Al Qaeda still a threat to U.S., intelligence chiefs say
The group's reputation has fallen in the Muslim world. But Western recruits who can more easily enter the US are being trained in Pakistan camps, intelligence officials say.
The good news is that the reputation of Muslim extremists may be declining among some in the Islamic world. The brutal attacks on Muslim civilians by Al Qaeda's affiliate in Iraq appear to be affecting public opinion outside Iraq's borders.
"Al Qaeda has had difficulty in raising funds and sustaining itself," perhaps due to disaffection among Saudi Arabian contributors, said Director of National Intelligence Michael McConnell at a House hearing Thursday.
The bad news is that a new influx of Western recruits – including American citizens – are being trained in Al Qaeda camps in Pakistan. These recruits would be able to more easily enter and move about the US than foreign operatives.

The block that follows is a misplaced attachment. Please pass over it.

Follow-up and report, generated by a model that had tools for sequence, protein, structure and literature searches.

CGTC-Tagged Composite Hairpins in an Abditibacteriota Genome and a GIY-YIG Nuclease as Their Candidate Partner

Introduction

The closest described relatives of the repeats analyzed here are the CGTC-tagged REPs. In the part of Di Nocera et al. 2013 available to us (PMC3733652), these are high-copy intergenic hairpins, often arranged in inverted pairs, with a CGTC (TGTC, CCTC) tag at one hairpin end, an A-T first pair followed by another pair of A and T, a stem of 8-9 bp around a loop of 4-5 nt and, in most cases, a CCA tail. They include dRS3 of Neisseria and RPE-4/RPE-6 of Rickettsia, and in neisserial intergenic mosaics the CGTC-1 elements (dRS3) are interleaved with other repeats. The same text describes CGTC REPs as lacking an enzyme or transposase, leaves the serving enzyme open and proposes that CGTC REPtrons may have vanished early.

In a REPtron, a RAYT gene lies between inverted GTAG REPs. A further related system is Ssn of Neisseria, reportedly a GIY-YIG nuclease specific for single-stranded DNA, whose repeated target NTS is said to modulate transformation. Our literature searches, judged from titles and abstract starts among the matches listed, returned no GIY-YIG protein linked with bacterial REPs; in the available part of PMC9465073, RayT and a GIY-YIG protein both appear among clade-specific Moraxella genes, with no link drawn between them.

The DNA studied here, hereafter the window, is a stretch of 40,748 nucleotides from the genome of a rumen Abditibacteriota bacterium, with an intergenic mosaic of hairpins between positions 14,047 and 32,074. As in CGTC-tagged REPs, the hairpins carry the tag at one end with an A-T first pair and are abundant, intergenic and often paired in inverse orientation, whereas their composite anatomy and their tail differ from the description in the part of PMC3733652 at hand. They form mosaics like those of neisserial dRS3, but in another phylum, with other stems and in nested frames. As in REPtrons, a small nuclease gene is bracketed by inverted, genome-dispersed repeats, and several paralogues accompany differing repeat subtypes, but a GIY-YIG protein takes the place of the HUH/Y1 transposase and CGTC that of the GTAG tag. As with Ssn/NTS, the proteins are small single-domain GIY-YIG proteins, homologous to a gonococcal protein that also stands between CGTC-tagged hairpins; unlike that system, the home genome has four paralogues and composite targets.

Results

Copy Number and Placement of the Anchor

"Al Qaeda is improving the last key aspect of its ability to attack the US: the identification, training, and positioning of operatives for an attack on the homeland," wrote Mr. McConnell in prepared Congressional testimony.
There's no evidence that these recruits have already entered the US, added officials at Senate and House intelligence hearings this week.
So far, the principal terrorist threat within the US are self-radicalized individuals with no contact with any foreign terrorist leaders, FBI Director Robert Mueller told the Senate Select Committee on Intelligence on February 5.